Four senators have introduced legislation that would give top U.S. agriculture and food officials permanent representation on the Committee on Foreign Investment in the United States (CFIUS). CFIUS is a panel of government officials tasked with reviewing proposed mergers and acquisitions of U.S. companies, specifically those initiated by foreign entities, to assess whether the transaction could threaten U.S. national security interests.
Senate Agriculture Chairwoman Debbie Stabenow (D-Mich.) and Sens. Chuck Grassley (R-Iowa), Joni Ernst (R-Iowa) and Jon Tester (D-Mont.) introduced the Food Security is National Security Act, which will include new agriculture and food-related criteria for CFIUS to consider when reviewing transactions that could result in control of a U.S. business by a foreign company.
The Food Security is National Security Act would grant permanent representation on CFIUS to both the Secretary of Agriculture and the Secretary of Health and Human Services (HHS), which oversees the Food and Drug Administration. Currently, CFIUS does not include permanent representation from the USDA or HHS, the two agencies with primary responsibility for safeguarding the integrity, resiliency and quality of the nation’s food supply.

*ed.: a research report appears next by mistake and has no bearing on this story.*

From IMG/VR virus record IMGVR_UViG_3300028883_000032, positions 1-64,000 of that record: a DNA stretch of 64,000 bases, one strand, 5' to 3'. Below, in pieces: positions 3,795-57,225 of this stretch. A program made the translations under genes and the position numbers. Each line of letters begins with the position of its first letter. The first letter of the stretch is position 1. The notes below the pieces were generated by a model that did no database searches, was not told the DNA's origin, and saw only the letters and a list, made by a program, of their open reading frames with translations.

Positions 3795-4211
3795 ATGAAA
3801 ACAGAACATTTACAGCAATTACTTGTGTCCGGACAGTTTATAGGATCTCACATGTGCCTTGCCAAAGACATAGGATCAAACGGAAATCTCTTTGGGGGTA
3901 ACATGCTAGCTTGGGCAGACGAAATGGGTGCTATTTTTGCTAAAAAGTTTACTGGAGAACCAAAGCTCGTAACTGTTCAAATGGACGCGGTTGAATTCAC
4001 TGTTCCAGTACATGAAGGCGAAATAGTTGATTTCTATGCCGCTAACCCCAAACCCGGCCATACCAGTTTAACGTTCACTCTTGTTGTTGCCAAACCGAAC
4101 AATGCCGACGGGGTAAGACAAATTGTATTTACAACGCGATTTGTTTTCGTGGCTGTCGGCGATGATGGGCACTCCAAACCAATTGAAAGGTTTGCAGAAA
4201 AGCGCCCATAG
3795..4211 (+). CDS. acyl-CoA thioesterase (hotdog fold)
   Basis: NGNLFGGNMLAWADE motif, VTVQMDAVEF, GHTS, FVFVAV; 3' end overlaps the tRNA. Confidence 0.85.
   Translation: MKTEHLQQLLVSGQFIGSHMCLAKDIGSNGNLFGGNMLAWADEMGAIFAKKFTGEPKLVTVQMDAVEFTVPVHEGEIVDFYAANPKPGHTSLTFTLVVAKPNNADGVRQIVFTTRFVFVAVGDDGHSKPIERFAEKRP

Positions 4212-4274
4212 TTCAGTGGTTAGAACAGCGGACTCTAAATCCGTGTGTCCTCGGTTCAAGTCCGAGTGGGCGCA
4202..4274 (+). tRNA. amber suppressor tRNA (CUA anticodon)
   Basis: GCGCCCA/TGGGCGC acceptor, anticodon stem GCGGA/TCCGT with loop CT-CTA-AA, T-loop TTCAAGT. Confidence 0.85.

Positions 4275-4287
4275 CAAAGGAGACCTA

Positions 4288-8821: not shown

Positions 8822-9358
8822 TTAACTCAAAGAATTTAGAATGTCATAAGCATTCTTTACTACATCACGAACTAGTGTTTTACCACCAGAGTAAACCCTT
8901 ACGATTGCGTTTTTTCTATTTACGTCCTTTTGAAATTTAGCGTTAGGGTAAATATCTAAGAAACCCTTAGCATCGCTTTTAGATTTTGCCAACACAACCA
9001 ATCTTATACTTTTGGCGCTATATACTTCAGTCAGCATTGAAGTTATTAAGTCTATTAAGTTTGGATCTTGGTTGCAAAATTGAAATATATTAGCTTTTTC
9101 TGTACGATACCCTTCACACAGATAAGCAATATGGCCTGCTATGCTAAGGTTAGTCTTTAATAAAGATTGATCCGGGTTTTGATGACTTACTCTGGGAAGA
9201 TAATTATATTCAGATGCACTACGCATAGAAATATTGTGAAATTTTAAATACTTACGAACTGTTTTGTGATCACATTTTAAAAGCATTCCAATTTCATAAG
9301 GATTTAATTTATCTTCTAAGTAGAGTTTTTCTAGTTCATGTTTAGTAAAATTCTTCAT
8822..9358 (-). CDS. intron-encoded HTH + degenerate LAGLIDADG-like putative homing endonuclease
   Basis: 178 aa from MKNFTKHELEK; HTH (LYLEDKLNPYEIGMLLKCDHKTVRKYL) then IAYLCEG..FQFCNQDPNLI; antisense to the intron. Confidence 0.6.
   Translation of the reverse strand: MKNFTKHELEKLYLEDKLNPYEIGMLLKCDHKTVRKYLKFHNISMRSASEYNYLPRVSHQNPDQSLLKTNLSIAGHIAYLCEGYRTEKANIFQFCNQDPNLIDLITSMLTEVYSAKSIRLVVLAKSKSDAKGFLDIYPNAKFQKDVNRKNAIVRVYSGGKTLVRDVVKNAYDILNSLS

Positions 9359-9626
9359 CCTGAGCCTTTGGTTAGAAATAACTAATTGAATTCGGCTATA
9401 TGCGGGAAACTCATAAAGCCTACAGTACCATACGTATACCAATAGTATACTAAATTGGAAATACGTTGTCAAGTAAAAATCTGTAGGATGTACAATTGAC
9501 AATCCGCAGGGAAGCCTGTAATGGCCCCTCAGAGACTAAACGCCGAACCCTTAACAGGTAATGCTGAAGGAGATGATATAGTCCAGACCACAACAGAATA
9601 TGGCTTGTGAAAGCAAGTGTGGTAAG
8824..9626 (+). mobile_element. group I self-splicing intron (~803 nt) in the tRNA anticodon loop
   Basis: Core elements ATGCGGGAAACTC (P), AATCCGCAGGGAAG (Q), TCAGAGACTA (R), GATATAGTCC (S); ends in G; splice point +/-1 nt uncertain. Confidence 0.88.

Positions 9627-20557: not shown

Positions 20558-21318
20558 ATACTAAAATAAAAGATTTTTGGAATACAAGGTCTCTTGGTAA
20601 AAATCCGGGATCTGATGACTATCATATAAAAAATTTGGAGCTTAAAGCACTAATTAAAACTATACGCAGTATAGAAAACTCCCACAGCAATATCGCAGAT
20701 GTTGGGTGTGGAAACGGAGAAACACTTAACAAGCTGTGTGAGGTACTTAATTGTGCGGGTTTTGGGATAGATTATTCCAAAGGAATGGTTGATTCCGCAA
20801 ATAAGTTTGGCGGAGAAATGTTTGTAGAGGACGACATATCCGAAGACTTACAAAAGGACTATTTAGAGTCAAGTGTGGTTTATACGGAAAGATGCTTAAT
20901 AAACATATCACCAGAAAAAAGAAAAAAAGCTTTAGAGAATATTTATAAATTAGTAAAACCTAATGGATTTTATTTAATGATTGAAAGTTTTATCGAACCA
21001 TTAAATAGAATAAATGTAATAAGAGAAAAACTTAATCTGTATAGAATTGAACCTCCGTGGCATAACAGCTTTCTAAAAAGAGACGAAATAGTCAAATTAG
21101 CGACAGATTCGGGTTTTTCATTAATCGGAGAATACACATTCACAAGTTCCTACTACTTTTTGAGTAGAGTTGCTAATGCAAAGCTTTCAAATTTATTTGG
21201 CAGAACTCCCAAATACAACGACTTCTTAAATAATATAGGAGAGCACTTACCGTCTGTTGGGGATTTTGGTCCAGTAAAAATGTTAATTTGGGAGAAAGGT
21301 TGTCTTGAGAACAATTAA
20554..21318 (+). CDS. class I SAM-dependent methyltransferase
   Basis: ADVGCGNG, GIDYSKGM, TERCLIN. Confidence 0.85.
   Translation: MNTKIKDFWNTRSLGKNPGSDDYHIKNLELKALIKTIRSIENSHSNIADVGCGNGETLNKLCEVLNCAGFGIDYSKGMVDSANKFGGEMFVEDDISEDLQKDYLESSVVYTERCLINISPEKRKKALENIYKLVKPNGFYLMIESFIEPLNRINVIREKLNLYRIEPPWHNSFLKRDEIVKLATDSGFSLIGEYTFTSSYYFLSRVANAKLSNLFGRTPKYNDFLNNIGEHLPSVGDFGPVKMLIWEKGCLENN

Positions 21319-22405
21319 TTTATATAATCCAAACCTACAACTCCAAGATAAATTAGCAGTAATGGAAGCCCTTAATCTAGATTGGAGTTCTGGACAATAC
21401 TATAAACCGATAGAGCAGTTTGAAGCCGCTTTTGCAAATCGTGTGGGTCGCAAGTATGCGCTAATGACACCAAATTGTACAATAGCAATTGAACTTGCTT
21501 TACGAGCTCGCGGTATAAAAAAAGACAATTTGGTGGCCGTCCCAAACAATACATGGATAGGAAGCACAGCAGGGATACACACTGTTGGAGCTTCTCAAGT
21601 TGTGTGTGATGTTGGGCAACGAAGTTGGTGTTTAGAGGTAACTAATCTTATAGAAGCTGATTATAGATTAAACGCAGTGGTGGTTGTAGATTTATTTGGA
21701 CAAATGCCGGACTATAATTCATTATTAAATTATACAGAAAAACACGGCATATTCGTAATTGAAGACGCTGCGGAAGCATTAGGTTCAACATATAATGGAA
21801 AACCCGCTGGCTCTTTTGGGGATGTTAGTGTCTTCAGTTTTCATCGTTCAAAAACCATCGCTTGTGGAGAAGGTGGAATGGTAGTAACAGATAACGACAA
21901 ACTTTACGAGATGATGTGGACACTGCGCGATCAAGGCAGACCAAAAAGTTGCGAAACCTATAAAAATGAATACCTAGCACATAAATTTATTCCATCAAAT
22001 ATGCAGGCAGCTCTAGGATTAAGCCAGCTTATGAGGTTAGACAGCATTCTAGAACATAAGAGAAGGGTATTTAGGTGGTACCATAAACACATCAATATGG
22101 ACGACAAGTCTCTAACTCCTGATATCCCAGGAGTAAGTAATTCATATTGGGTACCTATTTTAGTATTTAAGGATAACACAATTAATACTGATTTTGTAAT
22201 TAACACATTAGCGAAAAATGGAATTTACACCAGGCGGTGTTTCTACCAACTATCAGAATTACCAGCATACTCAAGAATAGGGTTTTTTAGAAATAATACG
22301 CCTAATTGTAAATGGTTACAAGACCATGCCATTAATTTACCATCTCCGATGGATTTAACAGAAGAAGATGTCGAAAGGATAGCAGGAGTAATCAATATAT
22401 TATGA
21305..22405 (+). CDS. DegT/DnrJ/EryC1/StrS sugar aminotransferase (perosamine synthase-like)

The legislation also adds new criteria to the CFIUS review process to ensure that proposed transactions are reviewed specifically for their potential impact on American food and agricultural systems, including availability of, access to, or safety and quality of food. Specifically including food and agriculture in the review process is an important national security safeguard and sends a strong signal to potential foreign purchasers.
The AFBF, alongside the National Farmers Union, supports the Food Security is National Security Act.
“The challenges presented by the pandemic and world supply chain issues have driven home agriculture’s ties to national security,” AFBF President Zippy Duvall said in a statement. “Monitoring and evaluating mergers and acquisitions, as well as who contributes to our food production and distribution, is critical. The Secretary of Agriculture understands that, and he would bring a much-needed perspective to the Committee on Foreign Investment in the United States.”